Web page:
In aftermath of North Carolina, Oklahoma shootings NASW calls for policing reforms

National Association of Social Workers Statement on Police Shootings in North Carolina, Oklahoma:

Terrance Crutcher

Terence Crutcher

In what seems to be an unending national dilemma, the country is again grappling with the shooting deaths of black men during encounters with law enforcement officers.

In Tulsa, Okla. police approached a vehicle in a traffic stop-related encounter with Terence Crutcher, 40. The officers were initially responding to a report of a stalled vehicle.

Crutcher, who was unarmed and not resisting, was shot with a stun gun by one officer and shot with a pistol by a second officer. The gunshot wound was the cause of his death. The officer who fired the fatal shot – Betty Jo Shelby – has been charged with first degree manslaughter.

Keith Lamont Scott, 43, an African American man from Charlotte, NC, also suffered fatal gunshot wounds by a policeman. The circumstances and justification for this shooting is ambiguous.

Keith Scott

Keith Scott

Scott was approached by police while they were seeking an arrest of another man on outstanding warrants. The Charlotte Police Department has released some video of the incident but the results are inconclusive with police saying Crutcher was armed while others say he was not threatening officers with a weapon when he was shot.

Further complicating matters is the fact Scott suffered from Traumatic Brain Injury (TBI) and had taken medication just prior to the shooting.

The incidents involving Scott and Crutcher rekindled a national outcry and debate about racial disparities in the use of lethal force by police.

The National Association of Social Workers (NASW) recognizes and embraces the crucial, necessary, and dangerous role that law enforcement officers play in maintaining public safety for all segments of our society. The association also recognizes that our society cannot ignore compelling evidence that men of color, especially black men, are more likely to be killed during a use-of-force encounter with police than other racial or ethnic groups.

Respecting the role of police in maintaining public safety and eliminating racial disparities in in pursuit of public safety are not mutually exclusive. With that in mind, NASW makes the following recommendations in light of these recent events:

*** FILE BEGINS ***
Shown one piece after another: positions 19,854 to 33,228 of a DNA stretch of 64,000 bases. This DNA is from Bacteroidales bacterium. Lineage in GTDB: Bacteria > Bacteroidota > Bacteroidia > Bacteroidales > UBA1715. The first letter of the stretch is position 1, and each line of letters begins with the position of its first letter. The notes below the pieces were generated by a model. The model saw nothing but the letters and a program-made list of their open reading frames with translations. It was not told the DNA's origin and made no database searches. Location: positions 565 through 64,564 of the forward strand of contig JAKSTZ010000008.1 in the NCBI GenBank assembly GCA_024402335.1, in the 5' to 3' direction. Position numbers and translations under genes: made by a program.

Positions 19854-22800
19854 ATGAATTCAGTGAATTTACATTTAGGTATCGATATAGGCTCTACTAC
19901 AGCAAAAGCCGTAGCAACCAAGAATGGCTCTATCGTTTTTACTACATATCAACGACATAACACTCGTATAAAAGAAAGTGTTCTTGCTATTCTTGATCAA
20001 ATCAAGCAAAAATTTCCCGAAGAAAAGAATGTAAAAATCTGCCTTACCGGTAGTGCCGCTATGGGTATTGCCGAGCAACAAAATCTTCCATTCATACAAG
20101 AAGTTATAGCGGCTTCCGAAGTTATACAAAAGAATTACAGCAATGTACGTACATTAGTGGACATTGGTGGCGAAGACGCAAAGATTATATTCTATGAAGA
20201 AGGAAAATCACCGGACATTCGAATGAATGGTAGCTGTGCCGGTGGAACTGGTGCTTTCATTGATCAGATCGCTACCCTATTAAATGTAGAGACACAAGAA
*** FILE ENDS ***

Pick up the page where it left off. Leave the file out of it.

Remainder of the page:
• There is an urgent need for national standards for use of force by law enforcement agencies. There are literally thousands of separate police and sheriff departments, state police, and federal law enforcement agencies in the United States. These agencies have the legal right to use force up to and including lethal force. Yet, there are no national uniform standards, protocols or training modules for using such force.
  • Law enforcement officers are far too often put into situations where they have to use de-escalation techniques with persons who are mentally disabled. It is essential that all law enforcement agencies, no matter how small, require officers receive certifications on de-escalation techniques where there are indications that the person they are encountering has a mental health or cognitive disability.
  • Transparency on the part of law enforcement agencies and all levels of government related to use of force cases is critical. In cases where lethal force is used, all video and audio recording from police body cameras and dashboard cameras must be made public as soon as reasonably possible. Additionally, there must be a national standard and requirement that all law enforcement agencies (regardless of the size of the jurisdiction) collect data on all use-of-force cases that result in bodily injury or death. The data must be disaggregated for race/ethnicity, gender identity and age.
  • NASW recommends the U.S. Department of Justice (DOJ) adheres to the Death in Custody Reporting Act of 2013 (DICRA) as intended by Congress. DICRA was enacted to ensure the accuracy of federal statistics on deaths that occur in the course of arrest or while the decedent is in custody, including in jails, prisons and juvenile facilities. The goal of the law is to understand the prevalence and causes of deaths in custody and to use this information to reduce the incidence of such deaths. NASW is a signatory of a letter sent to DOJ by the national Law Enforcement Working Group that requested that DOJ adhere to the data collection intent of Congress.


  1. Why hasn’t the NASW or any healthcare professions spoke out about the repeated acts of child abuse that has occurred on camera with police officers/resource officers. Most officers are not charged when they execute people of color and NO ONE has been charged with child abuse/neglect or endangerment. If parents did what police officers did on camera, the children would be removed from the house that night.

    As an organization that claims the advocacy of social injustice, there must be more done by the people at the top with the platform to address these issues and implement policy changes.

  2. Recommendations and data collection are okay with me. Since Clinical Social Workers are the reportedly largest group of mental health professionals in the U.S., how will NASW partner with law enforcement agencies to help officers develop better assessment and de-escalation techniques? How will NASW help the DOJ and law enforcement agencies analyze the recommended data to develop improvement action plans?

    Let’s get more active toward leading this needed improvement!

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